Loyola University Maryland

Counseling Center

Helping from a Distance

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Of course, you are still a parent to your almost-adult, and he or she will still need your support and guidance during the college years. Here are some ways you can express your caring and enhance your child's experience at Loyola.

Stay in touch! Even though your child is experimenting with independent choices, he or she still needs to know that you're there and are available to talk about both everyday events and difficult issues. Make arrangements to write or call your child on a regular basis.

Allow your child to set the agenda for some of your conversations. If he or she needs help or support, the subject is more likely to come up if you aren't inquiring pointedly about what time he or she came in last night!

Be specific about financial matters. Most students come to school with a fairly detailed plan about how tuition, fees, books, and room and board will be paid for, and what the family's expectations are about spending money. Being specific at the outset may help avoid misunderstandings later. Students can tend to spend a fair amount of money on social interactions. It may behoove your family to be aware of how much your child is spending, to set reasonable limits, and to monitor any credit card usage so that large debts are not incurred.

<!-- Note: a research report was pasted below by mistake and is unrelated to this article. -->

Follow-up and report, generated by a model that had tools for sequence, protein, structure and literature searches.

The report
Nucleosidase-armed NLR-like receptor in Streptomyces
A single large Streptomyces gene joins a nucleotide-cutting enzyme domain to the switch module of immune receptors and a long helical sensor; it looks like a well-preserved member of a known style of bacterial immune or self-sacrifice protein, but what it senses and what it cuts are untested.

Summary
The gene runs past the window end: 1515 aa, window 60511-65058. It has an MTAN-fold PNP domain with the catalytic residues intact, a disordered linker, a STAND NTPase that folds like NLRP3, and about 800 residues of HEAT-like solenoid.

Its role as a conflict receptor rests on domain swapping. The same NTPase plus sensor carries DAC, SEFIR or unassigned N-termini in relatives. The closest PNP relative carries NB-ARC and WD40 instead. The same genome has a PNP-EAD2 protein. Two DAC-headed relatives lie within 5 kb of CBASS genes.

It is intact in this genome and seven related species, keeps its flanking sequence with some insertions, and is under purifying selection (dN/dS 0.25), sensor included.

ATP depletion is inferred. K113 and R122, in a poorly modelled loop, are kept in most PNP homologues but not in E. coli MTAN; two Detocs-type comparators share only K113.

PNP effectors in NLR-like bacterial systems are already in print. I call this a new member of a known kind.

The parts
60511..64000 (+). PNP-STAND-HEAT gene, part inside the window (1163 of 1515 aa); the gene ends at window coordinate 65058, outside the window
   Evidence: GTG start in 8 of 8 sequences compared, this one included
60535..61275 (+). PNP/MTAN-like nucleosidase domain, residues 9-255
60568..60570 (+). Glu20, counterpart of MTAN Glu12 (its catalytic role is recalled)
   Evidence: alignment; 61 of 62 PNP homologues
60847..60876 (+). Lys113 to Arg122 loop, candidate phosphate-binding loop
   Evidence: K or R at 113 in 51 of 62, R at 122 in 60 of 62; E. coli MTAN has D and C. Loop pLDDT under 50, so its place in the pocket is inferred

Be realistic about academic achievement and grades. Loyola attracts bright students from all over the world, but not every first-year student who excelled academically in high school will be able to earn straight A’s here. Developing or refining the capacity to work independently and consistently and to demonstrate mastery can be more important than grades, as long as the student meets the basic academic requirements set out by the University. Again, these are choices that each individual student makes, though certainly it is appropriate to help your child set his or her own long-term goals.

If your child does experience difficulties at Loyola, encourage him or her to take advantage of the wealth of resources available for students. For academic issues, talking with the professor or academic advisor is probably the first step, but the Study, the Write Place, and the Career Center are also available to help. The offices of the dean of students and the dean of first-year students can assist with a variety of concerns. If your son or daughter could benefit from counseling, the Counseling Center is available on campus. You can help your child by reminding him or her of the many resources available on Loyola's campus.

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